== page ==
The man who "showed" the world that good design is (also) good business.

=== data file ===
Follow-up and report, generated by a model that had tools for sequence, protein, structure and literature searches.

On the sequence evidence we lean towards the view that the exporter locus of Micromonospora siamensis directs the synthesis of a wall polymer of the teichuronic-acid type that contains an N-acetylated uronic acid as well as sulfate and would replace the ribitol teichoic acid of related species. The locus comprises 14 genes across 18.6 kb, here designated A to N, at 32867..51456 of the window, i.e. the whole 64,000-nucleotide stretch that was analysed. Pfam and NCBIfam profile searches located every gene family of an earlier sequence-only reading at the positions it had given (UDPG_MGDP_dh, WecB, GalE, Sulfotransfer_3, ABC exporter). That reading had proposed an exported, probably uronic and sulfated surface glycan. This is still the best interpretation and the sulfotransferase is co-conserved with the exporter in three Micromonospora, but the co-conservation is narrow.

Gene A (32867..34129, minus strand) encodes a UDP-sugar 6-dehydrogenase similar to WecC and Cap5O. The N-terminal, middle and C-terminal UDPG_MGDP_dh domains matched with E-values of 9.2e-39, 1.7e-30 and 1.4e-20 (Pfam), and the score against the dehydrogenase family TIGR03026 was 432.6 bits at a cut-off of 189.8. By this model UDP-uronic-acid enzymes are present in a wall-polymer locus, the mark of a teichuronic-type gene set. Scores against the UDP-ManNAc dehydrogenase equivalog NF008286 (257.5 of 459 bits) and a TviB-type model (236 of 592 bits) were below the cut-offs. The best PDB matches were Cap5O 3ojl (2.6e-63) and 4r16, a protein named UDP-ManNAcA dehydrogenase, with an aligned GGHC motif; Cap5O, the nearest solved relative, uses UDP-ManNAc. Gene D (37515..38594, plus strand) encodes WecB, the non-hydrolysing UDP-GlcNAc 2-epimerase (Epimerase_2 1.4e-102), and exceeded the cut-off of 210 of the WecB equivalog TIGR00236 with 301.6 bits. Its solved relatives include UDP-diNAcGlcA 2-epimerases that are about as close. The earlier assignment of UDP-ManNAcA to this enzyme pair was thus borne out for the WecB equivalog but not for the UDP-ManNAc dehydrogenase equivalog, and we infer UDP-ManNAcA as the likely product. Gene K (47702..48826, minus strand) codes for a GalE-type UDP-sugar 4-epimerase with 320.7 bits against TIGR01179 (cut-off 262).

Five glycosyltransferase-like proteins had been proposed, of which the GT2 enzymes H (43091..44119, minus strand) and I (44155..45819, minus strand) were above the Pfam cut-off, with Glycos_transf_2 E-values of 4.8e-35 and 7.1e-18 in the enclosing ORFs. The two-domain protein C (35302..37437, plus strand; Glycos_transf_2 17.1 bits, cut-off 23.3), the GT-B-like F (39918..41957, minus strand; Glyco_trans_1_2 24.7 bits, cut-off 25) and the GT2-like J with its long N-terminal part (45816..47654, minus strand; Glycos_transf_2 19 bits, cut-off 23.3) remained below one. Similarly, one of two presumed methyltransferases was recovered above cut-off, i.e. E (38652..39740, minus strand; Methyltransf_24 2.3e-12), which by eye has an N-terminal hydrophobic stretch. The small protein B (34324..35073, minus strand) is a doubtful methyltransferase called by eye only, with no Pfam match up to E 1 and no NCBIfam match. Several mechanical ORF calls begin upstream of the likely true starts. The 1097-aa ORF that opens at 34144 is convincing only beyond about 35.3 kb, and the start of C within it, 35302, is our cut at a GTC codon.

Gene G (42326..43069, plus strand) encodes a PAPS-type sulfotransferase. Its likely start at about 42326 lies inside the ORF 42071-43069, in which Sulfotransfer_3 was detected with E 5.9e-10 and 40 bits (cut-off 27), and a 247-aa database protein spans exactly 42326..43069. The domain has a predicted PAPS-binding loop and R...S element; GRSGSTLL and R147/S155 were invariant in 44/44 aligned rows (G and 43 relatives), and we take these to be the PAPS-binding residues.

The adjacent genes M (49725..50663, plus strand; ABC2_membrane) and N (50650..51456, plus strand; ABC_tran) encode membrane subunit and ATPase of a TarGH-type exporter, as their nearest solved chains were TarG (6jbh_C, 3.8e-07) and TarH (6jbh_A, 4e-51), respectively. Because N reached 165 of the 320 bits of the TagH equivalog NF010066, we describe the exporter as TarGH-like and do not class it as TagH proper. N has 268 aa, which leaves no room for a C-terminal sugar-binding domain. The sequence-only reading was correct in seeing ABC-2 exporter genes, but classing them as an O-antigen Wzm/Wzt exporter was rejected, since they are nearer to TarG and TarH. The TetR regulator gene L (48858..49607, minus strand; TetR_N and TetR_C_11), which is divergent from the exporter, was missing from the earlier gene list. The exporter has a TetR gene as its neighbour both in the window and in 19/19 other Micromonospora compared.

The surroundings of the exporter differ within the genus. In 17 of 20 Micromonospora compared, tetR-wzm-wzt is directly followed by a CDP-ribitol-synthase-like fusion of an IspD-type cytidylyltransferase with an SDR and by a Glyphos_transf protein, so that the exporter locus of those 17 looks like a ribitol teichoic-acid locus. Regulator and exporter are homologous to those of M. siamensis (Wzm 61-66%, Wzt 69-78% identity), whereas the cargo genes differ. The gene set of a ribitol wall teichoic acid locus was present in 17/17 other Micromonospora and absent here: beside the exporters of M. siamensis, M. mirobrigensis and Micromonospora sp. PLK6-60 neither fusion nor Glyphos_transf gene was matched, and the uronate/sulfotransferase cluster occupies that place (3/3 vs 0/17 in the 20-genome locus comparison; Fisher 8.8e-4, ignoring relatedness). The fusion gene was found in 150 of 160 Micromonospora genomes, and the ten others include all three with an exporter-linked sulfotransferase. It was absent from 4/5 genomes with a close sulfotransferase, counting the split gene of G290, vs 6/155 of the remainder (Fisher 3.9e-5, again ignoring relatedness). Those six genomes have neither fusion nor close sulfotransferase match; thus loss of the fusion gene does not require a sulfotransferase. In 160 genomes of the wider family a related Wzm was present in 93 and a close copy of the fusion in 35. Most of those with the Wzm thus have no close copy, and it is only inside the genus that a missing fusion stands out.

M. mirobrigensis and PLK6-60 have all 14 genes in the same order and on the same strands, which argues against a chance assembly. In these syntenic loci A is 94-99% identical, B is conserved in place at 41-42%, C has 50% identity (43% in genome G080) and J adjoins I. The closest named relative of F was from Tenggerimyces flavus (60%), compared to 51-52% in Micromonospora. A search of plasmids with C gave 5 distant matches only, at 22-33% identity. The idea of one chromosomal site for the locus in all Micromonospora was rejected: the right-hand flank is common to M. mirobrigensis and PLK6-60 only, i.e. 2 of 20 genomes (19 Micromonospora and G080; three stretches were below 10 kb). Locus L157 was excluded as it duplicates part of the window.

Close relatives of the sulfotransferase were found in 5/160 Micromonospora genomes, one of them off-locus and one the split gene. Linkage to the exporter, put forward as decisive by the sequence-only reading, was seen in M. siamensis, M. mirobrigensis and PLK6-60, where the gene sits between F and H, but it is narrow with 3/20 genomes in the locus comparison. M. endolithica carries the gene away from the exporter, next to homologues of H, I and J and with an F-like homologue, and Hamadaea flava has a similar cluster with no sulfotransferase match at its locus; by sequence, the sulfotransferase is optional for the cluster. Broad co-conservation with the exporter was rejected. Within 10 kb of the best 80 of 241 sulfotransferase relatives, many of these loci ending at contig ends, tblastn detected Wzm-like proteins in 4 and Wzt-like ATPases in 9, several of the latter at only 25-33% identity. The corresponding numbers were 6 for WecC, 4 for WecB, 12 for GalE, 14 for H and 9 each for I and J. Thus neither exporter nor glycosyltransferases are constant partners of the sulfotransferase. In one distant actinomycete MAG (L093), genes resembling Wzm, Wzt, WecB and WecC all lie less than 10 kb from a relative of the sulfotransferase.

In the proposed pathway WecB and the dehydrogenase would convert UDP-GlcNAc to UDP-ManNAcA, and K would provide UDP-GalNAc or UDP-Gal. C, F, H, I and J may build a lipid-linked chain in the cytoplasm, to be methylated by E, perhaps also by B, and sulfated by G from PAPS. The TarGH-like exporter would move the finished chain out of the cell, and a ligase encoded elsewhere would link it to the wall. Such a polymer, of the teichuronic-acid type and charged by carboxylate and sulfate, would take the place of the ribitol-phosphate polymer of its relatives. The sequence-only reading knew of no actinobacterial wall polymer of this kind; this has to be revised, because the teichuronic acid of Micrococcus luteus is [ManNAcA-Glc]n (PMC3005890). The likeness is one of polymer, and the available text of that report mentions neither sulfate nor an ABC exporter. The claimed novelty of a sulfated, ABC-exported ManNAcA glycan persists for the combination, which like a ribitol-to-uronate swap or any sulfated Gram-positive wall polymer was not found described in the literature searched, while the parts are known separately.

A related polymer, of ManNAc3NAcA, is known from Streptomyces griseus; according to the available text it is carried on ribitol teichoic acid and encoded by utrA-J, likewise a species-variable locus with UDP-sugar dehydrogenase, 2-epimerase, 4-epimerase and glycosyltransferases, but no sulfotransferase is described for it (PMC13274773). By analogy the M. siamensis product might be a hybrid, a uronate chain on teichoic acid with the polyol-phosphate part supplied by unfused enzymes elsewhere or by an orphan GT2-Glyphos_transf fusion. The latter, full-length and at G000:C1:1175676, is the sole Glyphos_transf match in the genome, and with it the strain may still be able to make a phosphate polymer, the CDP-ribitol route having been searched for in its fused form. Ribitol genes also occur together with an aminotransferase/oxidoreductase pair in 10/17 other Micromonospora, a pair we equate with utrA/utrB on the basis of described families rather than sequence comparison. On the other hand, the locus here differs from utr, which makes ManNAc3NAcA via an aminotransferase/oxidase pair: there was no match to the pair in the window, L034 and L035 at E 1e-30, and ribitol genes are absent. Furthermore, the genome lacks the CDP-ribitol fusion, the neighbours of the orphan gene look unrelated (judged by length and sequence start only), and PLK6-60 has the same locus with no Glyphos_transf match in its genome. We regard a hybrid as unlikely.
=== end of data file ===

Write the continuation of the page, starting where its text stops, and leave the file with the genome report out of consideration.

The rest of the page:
Steve Jobs was a gift to modern society. What his mind, his soul and his heart have been able to conceive, define and produce has impacted the life of billions of people around the world. He changed the way we work, the way we enjoy our free time, and the way we communicate, through his Mac, his iPod, his iPhone, and everything he built around them. But there is another community, within the broader global population, that owes Steve so much of its most recent relevance, and that’s the professional design tribe. He gave a new legitimacy to the world of #DESIGN in front of thousands of business people, shareholders, investors and media in many industries around the world. 1.. (Great) Design generates great business value He showed the planet that it was possible to combine emotions and business, human centered innovation and profit, design driven experiences and shareholders returns, cool products and mass distribution, beauty and growth. Thomas John Watson Jr, chairman and CEO of IBM in the 50s and 60s, famously proclaimed during a lecture at the University of Pennsylvania in 1973 that "good design is good business". Steve Jobs took that principle and showed the world what it meant. After Apple's shareholder value skyrocketing to unbelievable levels, after Apple's products touching the life of millions and millions of people around the planet, nobody could question that principle anymore. From the investor to the man on the street, it became clear to everybody. 2.. Design is not a "niche affair". Steve showed also the world that great design was not a “niche affair” for a privileged and sophisticated crowd, he showed the world that great design could be for everybody. And with that he gave a unique opportunity to every creative, in every industry, in every corner of the globe, to make a case for design as a driver of meaningful experiences for people as well as meaningful returns for companies and shareholders. 3.. Design is not a marketing stunt. And he finally showed that good design is not a marketing stunt, it’s part of a company culture, it’s embedded in its DNA, it drives behaviors, decisions and processes, strategy, mindset and tools, and it defines every touch-point of the brand, visible and invisible, in the most profound and authentic way. And either it’s like this or it will just be a fad, unable to produce any value nor to last. 4.. Design is much more than good business. Now, Design is so much more than just business, profit and growth. I imply this already on the tile of this article: Design is also good business. But before that Design is about deeply understanding people needs and desires, and then crafting solutions for them that are meaningful and relevant, adding different layers and forms of value to their lives. As such Design has a profound ethical value. The implication of good business associated to good design is that your design idea can then reach and create value for as many people as possible around the world: the more success the more people positively impacted. I deep dive in this topic in many of my previous articles and speeches. Here it's just a quick reminder to make sure we don't forget the complete picture, beyond the economic value. Steve Jobs was driven by this ethical idea: he wanted to create something extraordinary for people. Business results would have followed. Technology was an enabler. Distribution and communication were amplifiers. People where at the start, the center and the end: he wanted to design the most unbelievable products to gift to humanity. And he did. In my professional journey in different enterprises, from Philips to 3M to PepsiCo, Steve Jobs has been always a very personal and intimate inspiration as well as a very public aspiration to share with my team and with the entire organization. The portrait that Walter Isaacson makes of him in his biography is one of the most inspiring stories I have ever read. A few years ago I bought hundreds of copies of that book and I have gifted them to every designer in my group at PepsiCo. I did it to inspire them. I did it to remind them that to change the world you need to constantly dream, love, fight, make sacrifices, be committed, be authentic, be real, think big, take risk, trust your guts, empower your mind, jump and believe. I did it to give them an additional tool, a benchmark, and a story, to share with the rest of the world, to evangelize their peers, their partners, and the ones that didn't understand them, that didn't believe in them, that didn't trust them. Thank you Steve, for everything you did for all of us. You shaped the world we live in. In your innovations you will live forever. With love, Mauro